The notion that "the Jews" as a people are somehow part of this is not only monstrous, but nonsensical. How could they be? The thing seems so ludicrous as to be scarcely worthy of discussion, though I realise there are people who believe it. In any case, religious Jews are often among the staunchest opponents of the cultural assault. When a Rabbi called television "an open sewer in the living room", he was speaking against the manipulators of international finance and for their enemies everywhere.

The real problem - the rather sinister problem - here is that I was unaware that "the manipulators of international finance" cannot even be mentioned without raising the bogey of "anti-semitism". If this is the case, what an enormous triumph for the said manipulators. What a tactical masterpiece! Through the deft use of their mass-media they have made the central problem of the Pit unmentionable!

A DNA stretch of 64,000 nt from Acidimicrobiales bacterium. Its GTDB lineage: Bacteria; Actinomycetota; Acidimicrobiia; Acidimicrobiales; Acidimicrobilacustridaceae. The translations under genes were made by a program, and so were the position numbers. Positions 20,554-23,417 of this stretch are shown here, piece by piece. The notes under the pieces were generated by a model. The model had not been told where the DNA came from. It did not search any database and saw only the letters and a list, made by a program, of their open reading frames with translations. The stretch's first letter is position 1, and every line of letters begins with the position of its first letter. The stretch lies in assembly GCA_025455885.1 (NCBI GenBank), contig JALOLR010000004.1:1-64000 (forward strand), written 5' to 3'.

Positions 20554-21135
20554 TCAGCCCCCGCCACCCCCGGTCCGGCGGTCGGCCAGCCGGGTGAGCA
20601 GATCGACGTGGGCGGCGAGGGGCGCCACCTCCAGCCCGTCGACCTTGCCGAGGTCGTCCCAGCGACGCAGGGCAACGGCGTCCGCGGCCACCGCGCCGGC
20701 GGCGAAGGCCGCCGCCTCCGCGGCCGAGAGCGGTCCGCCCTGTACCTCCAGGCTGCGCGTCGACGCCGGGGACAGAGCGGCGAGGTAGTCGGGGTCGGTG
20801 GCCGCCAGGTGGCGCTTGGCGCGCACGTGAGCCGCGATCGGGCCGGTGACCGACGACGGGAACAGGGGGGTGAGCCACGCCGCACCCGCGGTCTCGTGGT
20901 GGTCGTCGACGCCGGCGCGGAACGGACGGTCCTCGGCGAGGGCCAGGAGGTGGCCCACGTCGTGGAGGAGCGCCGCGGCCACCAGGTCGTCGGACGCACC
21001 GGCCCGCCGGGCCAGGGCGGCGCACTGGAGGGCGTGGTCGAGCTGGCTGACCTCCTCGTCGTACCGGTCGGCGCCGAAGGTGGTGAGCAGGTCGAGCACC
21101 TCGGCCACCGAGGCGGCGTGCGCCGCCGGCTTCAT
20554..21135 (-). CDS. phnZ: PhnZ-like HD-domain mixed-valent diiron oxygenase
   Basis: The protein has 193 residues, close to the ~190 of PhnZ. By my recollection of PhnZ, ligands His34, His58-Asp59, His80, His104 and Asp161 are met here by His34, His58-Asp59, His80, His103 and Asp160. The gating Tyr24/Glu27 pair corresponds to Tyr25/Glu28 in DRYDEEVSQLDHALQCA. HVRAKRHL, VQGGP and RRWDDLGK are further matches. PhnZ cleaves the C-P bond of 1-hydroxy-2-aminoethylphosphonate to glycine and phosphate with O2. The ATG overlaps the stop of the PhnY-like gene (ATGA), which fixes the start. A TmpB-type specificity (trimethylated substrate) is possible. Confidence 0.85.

So what does one do? Just say "the people running the show don't want us to discuss what they are up to and have cleverly fixed it so that we can't" and leave it at that?

This is not a rhetorical question. I really am wondering.
Sushuri Novaryana

Mar 1st, 2005 - 10:36 PM
Re: Bongo Encyclopaedias and the Imperial Flag

I have pro tem replaced "is a practising Jewess" with "attends the Synagogue regularly", though this phrase, in context might seem to have an unintended air of flippancy.

Might I ask one of the Jewish members of this Club to make the final adjustment if she deems it necessary?
Umm Jack

Mar 2nd, 2005 - 12:12 AM
Re: Bongo Encyclopaedias and the Imperial Flag